David Wilson picks five prize destinations that are virtually tourist-free — for now.
So you want to go somewhere fresh, somewhere with fizz, and buck convention. Asia hosts scores of attractive and easily overlooked destinations that offer value for money and off-the-beaten-track magic lost to favourites such as Phuket and Bali. The following places to watch are yet to be besieged by backpackers, flashpackers, families and convention-bound executives.
Just remember: wherever you go in the region, watch for the traffic. Across much of Asia, which is sorely short of footpaths, traffic runs amok – to use a word that comes from the Malay for "mad with rage".
A T-shirt shop slogan nails Melaka's quirky mood. "To lah or not to lah . . . that is the question," it says, in a nod to the Malays' liberal use of the L-word. Melaka's repeatedly colonised World Heritage-listed melting pot teems with boutiques and hosts the magnificent Zheng He Tea House in Chinatown – a hub of information (consult the establishment's managers). The quirkiness peaks in the heritage area radiating out from Chinatown. Expect everything from pineapple tarts and murals of Chinese immortals to kittens and floral tri-shaws blasting out Boney M. Melaka also boasts two Ferris wheels and two temples (one Buddhist, one Hindu) that serve free food. For a hidden gem within a hidden gem, visit Chinatown's Limau-Limau Cafe (phone +6012 698 4917). Then there are the big – well, medium-sized – ticket draws: the shocking pink Stadthuys Museum and the Portuguese galleon replica that embodies Melaka's diverse identity, lah. See melaka.net.
Even the name sounds beguiling. Tourists to Uttar Pradesh do not so much say it as breathe it. One of the world's oldest continuously inhabited cities, Varanasi doubles as India's cultural capital. Highlights include golden temples, Ganges cruises, a silk factory, an observatory, a bird's-eye-view mosque (Alamgir) and ghats (riverside steps deployed for ritual baths). If you dabble in these waters, try to forget the sewerage pipes and sunken corpses resulting from funerals. This sacred city of light dubbed "the beating heart of the Hindu universe" oozes escapism with hippie overtones that linger like incense. The slogan of one guesthouse, the Groovy Ganges, says it all: "Check-in: whenever; checkout: no hurry." See varanasicity.com.
In the eyes of believers, this Himalayan waterside retreat is the ultimate beauty spot. All about setting, the mountain-fringed Nepalese Shangri La boasts lovely lakes including that devourer of memory card megabytes, Phewa, which is surrounded by monkey-filled forest. Pokhara has few culture-vulture venues, just the odd museum. Otherwise there is a shop that sells herb wine and "wild honey beeswax lip cream". Further afield wild lotus and swans may be seen. A doubter might say that Pokhara has no more to offer than Byron Bay. But Pokhara is calmer and cheaper – many travellers visit Nepal expressly to live on little or nothing. What's more, Pokhara serves as a gateway to that spectacular massif whose name means Goddess of the Harvest, Annapurna. See nepaltravelinfo.com/pokhara.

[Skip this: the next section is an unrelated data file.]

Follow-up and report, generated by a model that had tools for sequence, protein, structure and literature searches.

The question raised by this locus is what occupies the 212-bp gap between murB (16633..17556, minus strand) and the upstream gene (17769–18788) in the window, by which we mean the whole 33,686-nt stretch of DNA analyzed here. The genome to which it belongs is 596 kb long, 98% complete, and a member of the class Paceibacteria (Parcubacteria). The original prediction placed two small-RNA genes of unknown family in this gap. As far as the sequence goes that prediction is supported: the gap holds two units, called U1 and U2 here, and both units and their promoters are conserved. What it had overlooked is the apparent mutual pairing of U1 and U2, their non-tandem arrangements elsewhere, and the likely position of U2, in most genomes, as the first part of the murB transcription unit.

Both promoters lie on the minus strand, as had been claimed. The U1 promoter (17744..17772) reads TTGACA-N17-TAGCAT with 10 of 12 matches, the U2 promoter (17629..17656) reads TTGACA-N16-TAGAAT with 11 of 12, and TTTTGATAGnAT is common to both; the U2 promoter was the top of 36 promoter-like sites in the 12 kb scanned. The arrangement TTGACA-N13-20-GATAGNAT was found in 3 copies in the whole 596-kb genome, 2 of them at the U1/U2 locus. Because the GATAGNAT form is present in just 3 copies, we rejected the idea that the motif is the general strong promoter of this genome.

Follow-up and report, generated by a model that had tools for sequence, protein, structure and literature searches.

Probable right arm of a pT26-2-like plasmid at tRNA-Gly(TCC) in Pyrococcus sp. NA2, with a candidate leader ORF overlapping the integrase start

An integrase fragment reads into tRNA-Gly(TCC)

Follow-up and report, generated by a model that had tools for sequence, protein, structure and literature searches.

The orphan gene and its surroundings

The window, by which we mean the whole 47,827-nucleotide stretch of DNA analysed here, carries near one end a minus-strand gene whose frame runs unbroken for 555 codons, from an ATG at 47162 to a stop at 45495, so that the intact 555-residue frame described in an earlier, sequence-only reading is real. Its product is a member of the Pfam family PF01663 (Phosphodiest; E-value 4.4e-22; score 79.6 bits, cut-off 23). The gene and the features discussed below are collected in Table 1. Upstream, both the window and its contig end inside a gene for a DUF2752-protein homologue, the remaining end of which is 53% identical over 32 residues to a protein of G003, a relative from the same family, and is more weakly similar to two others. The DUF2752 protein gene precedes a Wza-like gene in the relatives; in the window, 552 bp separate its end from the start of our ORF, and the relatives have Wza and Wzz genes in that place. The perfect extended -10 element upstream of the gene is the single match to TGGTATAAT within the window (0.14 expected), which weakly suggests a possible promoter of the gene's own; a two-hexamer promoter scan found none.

Few Chinese towns possess more depth than this mountain-ringed time warp. Set in panda country, Langzhong was the birthplace of the Chinese calendar inventor Luo Xiahong. Langzhong doubles as the burial place of Zhang Fei, a general from the turbulent Three Kingdoms age after the imperial Han Dynasty collapsed. What's more, Langzhong is linked with famous poets and displays a wealth of traditional Sichuan architecture. Among the most memorable buildings are the Five Dragons and Big Buddha temples. For anyone wanting to quickly grasp the spirit of China without breathing pea-soup fog Langzhong, which dates back two millennia, appears perfect. See www.chinaculture.org (click Travel in China, then Historical Cities, Batch II).
Picture pink sunrises and bloodshot sunsets. Envisage multiple explosions of wildflowers and blossoms. Imagine wild monkeys, towering waterfalls, "onsens" (hot springs) and giant turtles. That's Yakushima, a remote granite island south of Kyushu, the southernmost of Japan's four main islands. Despite its UNESCO World Heritage-listed status,Yakushima has a lost-world feel reminiscent of England's Scilly Isles during slow season. Despite being just 25 kilometres wide, Yakushima supports variety. The high peaks, snowcapped in winter, contrast with mangrove-speckled subtropical flatlands that hug the coastline. The catch is copious rain. Still, few sensations are more exhilarating than a hot spring dip during a downpour. See yakumonkey.com.